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Discussion papers
https://doi.org/10.5194/acp-2019-747
© Author(s) 2019. This work is distributed under
the Creative Commons Attribution 4.0 License.
https://doi.org/10.5194/acp-2019-747
© Author(s) 2019. This work is distributed under
the Creative Commons Attribution 4.0 License.

Submitted as: research article 02 Oct 2019

Submitted as: research article | 02 Oct 2019

Review status
This discussion paper is a preprint. It is a manuscript under review for the journal Atmospheric Chemistry and Physics (ACP).

Modelling the potential impacts of the recent, unexpected increase in CFC-11 emissions on total column ozone recovery

James Keeble1,2, N. Luke Abraham1,2, Alexander T. Archibald1,2, Martyn P. Chipperfield3,4, Sandip Dhomse3,4, Paul T. Griffiths1,2, and John A. Pyle1,2 James Keeble et al.
  • 1Department of Chemistry, University of Cambridge, Cambridge, UK
  • 2National Centre for Atmospheric Science (NCAS), University of Cambridge, Cambridge, UK
  • 3School of Earth and Environment, University of Leeds, Leeds, UK
  • 4National Centrefor Earth Observation (NCEO), University of Leeds, Leeds, UK

Abstract. The temporal evolution of long-lived, anthropogenic chlorofluorocarbons is a key control on the timing of total column ozone (TCO) recovery. Recent observations have shown that the atmospheric mixing ratio of CFC-11 is not declining as expected under complete compliance with the Montreal Protocol, and indicate a new source of CFC-11. In this study, the impact of a number of potential future CFC-11 emissions scenarios on TCO recovery is investigated using the UM-UKCA model. Key uncertainties related to this new CFC-11 source and their impact on the timing of TCO recovery are explored, including: the duration of new CFC-11 emissions/production; the impact of any newly created bank; and the effects of co-production of CFC-12. Scenario-independent relationships are identified between cumulative CFC emissions and the timing of ozone recovery, which can be used to establish the impact of future CFC emissions pathways on ozone recovery in the real world. It is found that, for every 200 Gg Cl emitted, the timing of global TCO recovery is delayed by ~ 0.56 years. However, a marked hemispheric asymmetry in the latitudinal impacts of cumulative Cl emissions on the timing of TCO recovery is identified, with longer delays in the southern hemisphere than the northern hemisphere for the same emission. Together, these results indicate that, if rapid action is taken to curb recently identified CFC-11 production then no significant delay in the timing of TCO recovery is expected, highlighting the importance of ongoing, long-term measurement efforts to inform the accountability phase of the Montreal Protocol. However, if the emissions are allowed to continue into the future, and are associated with the creation of large banks, then significant delays in the timing of TCO recovery may occur.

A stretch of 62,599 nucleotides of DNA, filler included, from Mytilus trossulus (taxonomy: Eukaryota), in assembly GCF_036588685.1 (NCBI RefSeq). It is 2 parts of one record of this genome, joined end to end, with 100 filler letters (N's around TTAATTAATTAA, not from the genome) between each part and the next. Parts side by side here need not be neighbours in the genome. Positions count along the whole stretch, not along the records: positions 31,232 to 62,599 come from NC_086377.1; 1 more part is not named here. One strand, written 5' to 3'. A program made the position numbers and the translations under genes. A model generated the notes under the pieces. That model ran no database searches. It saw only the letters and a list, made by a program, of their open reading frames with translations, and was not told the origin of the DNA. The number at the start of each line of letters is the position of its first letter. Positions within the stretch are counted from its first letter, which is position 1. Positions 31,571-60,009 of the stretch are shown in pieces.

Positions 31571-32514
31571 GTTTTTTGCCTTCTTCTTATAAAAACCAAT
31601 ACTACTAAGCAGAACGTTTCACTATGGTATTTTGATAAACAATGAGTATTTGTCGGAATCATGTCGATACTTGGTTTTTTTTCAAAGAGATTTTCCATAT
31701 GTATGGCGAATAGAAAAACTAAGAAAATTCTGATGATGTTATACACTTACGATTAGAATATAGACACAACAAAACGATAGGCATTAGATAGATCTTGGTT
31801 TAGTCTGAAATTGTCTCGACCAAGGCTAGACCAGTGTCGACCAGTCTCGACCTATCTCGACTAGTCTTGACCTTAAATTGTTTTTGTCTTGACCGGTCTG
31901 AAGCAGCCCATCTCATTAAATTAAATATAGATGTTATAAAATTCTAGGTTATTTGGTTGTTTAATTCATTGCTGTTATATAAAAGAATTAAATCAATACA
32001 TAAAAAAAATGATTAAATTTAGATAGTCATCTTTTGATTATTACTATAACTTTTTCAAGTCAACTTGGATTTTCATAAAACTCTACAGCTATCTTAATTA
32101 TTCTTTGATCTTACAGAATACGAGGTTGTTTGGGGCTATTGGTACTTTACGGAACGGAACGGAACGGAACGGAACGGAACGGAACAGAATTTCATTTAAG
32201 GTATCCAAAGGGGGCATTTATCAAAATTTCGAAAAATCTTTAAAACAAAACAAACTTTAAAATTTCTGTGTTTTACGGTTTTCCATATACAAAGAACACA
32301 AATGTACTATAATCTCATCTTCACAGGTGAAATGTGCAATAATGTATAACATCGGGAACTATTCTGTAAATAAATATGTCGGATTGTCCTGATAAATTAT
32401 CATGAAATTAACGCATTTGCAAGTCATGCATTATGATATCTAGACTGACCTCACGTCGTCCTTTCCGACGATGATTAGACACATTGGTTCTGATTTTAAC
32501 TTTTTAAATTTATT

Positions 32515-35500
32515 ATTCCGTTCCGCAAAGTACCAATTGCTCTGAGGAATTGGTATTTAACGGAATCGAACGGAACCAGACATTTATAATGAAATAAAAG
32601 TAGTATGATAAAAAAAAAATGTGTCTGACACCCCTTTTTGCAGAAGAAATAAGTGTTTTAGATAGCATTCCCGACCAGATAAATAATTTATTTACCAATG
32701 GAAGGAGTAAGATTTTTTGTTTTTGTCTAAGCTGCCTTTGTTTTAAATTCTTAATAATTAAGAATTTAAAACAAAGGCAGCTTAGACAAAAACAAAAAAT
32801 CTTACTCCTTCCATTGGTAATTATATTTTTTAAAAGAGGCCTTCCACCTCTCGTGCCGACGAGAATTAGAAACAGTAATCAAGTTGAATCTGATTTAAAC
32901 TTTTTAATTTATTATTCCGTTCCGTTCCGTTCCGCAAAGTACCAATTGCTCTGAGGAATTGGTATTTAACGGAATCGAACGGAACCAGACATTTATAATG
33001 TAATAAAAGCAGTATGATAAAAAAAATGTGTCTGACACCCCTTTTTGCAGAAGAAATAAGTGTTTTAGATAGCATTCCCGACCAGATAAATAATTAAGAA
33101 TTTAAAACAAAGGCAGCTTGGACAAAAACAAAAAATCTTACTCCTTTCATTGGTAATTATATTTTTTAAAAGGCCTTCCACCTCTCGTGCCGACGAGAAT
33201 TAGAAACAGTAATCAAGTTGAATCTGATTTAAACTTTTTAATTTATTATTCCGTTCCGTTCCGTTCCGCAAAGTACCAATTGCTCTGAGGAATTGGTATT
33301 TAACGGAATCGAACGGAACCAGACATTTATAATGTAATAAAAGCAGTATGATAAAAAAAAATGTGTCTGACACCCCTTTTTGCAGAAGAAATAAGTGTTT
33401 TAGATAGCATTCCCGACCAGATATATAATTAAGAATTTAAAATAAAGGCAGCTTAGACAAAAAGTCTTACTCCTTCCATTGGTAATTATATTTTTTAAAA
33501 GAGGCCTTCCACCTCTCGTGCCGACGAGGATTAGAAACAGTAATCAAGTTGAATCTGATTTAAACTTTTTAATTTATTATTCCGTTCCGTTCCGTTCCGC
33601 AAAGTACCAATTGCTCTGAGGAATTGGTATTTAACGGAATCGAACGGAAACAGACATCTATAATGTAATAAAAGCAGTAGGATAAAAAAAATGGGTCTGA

James Keeble et al.
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James Keeble et al.
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Short summary
The Montreal Protocol was agreed in 1987 to limit and then stop the production of man-made CFCs, which destroy stratospheric ozone. As a result, the atmospheric abundances of CFCs are now declining in the atmosphere. However, the atmospheric abundance of CFC-11 is not declining as expected under complete compliance with the Montreal Protocol. Using the UM-UKCA chemistry climate model, we explore the impact of future unregulated production of CFC-11 on the timing of ozone recovery.
The Montreal Protocol was agreed in 1987 to limit and then stop the production of man-made CFCs,...
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